UK Government has made new plans to curb smoking among young people by banning public display of cigarettes in shops and vending machines and by limiting packages to 10 cigarettes.

After the ban on smoking in public places, the Government is contemplating further needful actions to curb the consumption of tobacco products. The plan is to force cigarettes to be kept "under the counter" out of public view.

The main reason for such action is the fact that young people are under more influence by advertising. Today kids start smoking at 16, a few years than their parents did, which increases their chances of a premature death from smoking three fold.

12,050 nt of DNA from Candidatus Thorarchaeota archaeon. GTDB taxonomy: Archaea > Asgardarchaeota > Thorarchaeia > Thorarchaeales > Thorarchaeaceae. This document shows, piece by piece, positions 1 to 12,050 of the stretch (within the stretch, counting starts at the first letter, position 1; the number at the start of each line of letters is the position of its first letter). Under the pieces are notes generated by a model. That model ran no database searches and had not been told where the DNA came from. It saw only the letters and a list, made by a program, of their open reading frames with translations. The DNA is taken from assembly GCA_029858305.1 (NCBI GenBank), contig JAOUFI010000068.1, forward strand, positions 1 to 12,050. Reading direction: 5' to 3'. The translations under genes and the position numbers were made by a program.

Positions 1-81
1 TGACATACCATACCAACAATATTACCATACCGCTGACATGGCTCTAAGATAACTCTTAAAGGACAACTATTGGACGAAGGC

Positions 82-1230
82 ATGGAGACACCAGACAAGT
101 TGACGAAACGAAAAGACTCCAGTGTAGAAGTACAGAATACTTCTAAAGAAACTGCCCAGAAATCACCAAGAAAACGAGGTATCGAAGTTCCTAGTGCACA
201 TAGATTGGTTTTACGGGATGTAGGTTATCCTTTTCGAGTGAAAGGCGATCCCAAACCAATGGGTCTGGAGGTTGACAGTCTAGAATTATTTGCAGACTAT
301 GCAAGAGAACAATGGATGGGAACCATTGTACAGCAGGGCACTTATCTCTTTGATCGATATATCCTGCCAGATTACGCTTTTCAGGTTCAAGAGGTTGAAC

Other European countries are already enjoying "startling results" by banning vending machines. Their results encouraged UK Government to take the same steps.

Pro-smoking groups accused the Government of forcing people to act "in a government-approved way", while retailers attacked the plans saying they would cost them thousands of pounds. Anti-smoking groups have, of course, welcomed the move.